The new governor, Sir Henry Moore Bart., who had been appointed, in June, to succeed General Monckton, arrived in New York the beginning of November, after a tedious passage of ten weeks. When he first landed, he was disposed to assume a haughty tone in relation to the stamp act. The corporation offered him the freedom of the city in a gold box, but he refused to accept it, unless upon stamped paper. The custom house cleared vessels, but the men-of-war ran out their guns and refused to allow them to leave the harbor, unless they produced a certificate from the governor that no stamps were to be had. This the latter declined to give, and the vessels remained at the wharfs. The spectacle, however, of Colden quaking with fear in the fort, and the judicious advice of his council, soon convinced him of the folly of any attempt to carry the act into execution ; and before his first meeting with the assembly, he openly announced that he had suspended his power to execute the stamp act. To still farther appease the people he dismantled the fort, very much to the disgust of the lieutenant governor, who, not having been consulted, retired in chagrin to his country seat at Flushing.2

Owing to the successive adjournments by Colden, the general assembly met, for the first time this year, on the thirteenth of November. Only fourteen members, however,

1 Colden to the lords of trade, Nov. 6, 1765. Colden to Secretary Conway, Oct. 26, 1765. Grahame, manuscript letters; Alexander Colden to Sir William Johnson, Dec. 1766.

2 Manuscript letter; Alexander Colden to Sir William Johnson, 2 Dec. 1765. Sir Henry Moore to Conway 21 Nov. 1765. Colden to Conway, 21 Feb. 1766.

answering to their names, the speaker announced the appointment of Sir Henry Moore to the government, and adjourned the assembly to the nineteenth.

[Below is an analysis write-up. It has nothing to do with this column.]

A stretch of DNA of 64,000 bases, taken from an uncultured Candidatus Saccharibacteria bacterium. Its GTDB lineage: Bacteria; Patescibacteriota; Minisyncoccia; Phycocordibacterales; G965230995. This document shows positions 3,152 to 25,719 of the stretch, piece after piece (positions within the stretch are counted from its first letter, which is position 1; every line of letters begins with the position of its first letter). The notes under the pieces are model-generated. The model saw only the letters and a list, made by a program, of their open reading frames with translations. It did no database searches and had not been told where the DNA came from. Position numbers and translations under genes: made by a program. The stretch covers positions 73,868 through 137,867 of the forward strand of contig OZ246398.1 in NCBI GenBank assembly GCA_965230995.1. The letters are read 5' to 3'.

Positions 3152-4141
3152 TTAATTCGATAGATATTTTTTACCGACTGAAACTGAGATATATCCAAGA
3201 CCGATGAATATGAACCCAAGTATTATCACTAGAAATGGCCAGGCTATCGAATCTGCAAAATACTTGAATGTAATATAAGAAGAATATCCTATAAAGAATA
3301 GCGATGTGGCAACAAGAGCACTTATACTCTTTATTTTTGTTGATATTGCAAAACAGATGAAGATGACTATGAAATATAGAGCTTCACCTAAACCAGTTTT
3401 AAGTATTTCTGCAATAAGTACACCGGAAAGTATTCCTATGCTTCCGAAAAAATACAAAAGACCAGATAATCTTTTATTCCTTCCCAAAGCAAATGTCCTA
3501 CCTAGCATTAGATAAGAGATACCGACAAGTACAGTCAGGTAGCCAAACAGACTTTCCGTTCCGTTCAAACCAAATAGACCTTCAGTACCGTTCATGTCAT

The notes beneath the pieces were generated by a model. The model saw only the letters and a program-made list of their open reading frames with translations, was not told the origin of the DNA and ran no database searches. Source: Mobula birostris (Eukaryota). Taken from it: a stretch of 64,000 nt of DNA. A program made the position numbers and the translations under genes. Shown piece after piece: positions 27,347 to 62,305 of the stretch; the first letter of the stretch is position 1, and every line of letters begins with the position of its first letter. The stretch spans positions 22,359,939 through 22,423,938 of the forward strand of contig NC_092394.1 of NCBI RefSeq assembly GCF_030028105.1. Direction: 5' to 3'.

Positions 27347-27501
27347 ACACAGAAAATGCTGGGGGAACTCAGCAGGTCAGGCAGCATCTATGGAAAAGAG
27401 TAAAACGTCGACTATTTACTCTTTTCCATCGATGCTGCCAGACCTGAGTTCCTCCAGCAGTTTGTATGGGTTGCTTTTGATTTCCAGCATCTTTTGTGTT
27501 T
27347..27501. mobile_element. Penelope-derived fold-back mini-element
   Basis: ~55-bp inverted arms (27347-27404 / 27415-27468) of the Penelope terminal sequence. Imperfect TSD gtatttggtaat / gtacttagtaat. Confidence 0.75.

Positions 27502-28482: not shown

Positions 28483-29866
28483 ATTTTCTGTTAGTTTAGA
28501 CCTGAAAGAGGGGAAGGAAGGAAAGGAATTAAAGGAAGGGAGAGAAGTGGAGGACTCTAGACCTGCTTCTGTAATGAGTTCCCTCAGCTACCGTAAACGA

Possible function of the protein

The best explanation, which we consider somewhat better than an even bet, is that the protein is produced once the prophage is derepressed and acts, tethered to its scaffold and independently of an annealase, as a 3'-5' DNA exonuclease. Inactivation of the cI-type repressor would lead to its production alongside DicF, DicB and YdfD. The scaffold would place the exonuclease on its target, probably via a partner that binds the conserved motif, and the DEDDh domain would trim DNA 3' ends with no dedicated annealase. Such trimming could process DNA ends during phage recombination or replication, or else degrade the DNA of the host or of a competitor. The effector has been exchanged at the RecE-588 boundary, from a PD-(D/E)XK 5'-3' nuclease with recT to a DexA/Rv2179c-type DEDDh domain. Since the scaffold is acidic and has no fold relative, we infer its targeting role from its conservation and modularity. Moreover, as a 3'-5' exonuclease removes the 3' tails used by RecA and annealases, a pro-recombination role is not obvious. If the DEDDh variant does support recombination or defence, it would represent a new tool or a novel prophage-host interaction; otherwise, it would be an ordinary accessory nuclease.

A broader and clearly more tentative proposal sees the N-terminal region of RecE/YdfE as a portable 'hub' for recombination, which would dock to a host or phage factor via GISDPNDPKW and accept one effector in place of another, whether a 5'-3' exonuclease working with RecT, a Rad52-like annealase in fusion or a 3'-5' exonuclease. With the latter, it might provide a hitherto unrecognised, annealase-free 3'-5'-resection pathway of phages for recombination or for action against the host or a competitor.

The severest test, perhaps, of public opinion, at this time, to be found in the governor's opening address, which was brief and general, and contained not the slightest allusion to the existing troubles. The answer of the house was equally guarded; each party seeming to be averse to broach a topic that was so unpleasant to the other. But if the assembly was unwilling to allude in their address to that which was now upon every mind, they showed no indispositions to handle it among themselves. Among their first resolutions, was one not only approving the action of the committee in meeting with the congress in October, but tendering them, also, their warmest thanks for the part which they had taken in the deliberations of that body. In connection with this resolution they farther resolved, nemine contradicente, "that for obtaining relief from the operation and execution of the act of parliament called the stamp act, humble petitions be presented to his majesty, the house of lords and the house of commons, as nearly similar to those drawn up by the late congress as the particular circumstances of the colony will admit of." A committee was therefore appointed to draw up the three petitions, which, signed by Wm. Nicoll, the speaker, were forwarded, in the name of the house, to Mr. Charles and John Sargeant, the colony's agents in London.

But the action of the assembly did not keep pace with the public requirements; at least so thought the Sons of Liberty. On the twenty-sixth, a sealed letter was handed by an unknown person to Mr. Lott, clerk of the house, directed "TO MR. LOT, MERCH'T. IN NEW YORK," and ran as follows: